Many of us have been complaining that the Democrats and Republicans have used the economic crisis as an excuse to spend wildly in the stimulus package — pushing our deficit to unprecedented levels. If you are looking for an example, you need to look no further than the “airport to nowhere” in Takotna — population 46. The village is slated to received $18.7 million for an airstrip — or over $400,000 per person. For that money, we could have simply moved them to their own beach house or their own village of Takotna.
What is particularly humorous is that some defenders insist that Takotna’s population can surge to as high as 61. That would come to roughly $300,000 a person. When former Governor Sarah Palin speaks of dangers of government handouts and subsidies, this must be what she is talking about.
The Institute for Social and Economic Research at the University of Alaska estimates that about $1.4 billion a year in state and federal government subsidies, purchases and wages goes to more than 200 remote villages in the Alaska. President Obama’s budget includes for example $42 million in plumbing contracts for remote villages.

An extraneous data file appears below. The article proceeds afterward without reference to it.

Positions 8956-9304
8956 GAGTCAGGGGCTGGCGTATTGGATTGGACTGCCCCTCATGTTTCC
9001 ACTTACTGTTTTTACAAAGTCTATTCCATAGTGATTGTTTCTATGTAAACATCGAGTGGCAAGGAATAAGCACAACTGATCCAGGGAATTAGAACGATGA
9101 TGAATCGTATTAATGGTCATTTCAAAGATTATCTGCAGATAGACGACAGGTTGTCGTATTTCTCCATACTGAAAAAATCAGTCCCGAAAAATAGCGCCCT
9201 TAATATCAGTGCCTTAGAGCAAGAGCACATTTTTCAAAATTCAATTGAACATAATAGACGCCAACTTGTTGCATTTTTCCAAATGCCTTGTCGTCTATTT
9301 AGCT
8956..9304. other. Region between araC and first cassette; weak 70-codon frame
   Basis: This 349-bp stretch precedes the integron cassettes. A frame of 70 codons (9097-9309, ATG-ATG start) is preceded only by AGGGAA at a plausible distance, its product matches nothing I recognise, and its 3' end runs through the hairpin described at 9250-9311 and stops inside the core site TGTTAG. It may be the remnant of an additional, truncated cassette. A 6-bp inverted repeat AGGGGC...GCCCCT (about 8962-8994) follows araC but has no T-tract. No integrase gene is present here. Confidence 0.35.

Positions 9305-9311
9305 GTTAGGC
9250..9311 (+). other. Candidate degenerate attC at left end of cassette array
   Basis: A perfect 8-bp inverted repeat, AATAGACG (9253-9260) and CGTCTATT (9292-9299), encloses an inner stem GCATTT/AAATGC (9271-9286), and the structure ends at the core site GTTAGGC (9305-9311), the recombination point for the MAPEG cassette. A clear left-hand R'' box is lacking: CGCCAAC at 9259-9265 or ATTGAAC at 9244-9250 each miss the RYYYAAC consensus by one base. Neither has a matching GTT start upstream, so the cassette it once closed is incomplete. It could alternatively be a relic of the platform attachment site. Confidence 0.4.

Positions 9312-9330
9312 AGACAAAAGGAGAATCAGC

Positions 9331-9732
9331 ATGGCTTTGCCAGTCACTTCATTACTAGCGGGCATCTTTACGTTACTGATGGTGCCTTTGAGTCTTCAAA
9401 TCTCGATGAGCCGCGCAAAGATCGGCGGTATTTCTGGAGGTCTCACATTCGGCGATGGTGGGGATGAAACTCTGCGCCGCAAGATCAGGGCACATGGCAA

Nobody actually knows how many people live in Takotna. Here is the official Alaskan description:
During the 2000 U.S. Census, total housing units numbered 49, and vacant housing units numbered 30. Vacant housing units used only seasonally numbered 9. U.S. Census data for Year 2000 showed 12 residents as employed. The unemployment rate at that time was 0 percent, although 58.62 percent of all adults were not in the work force. The median household income was $14,583, per capita income was $13,143, and 16.22 percent of residents were living below the poverty level.
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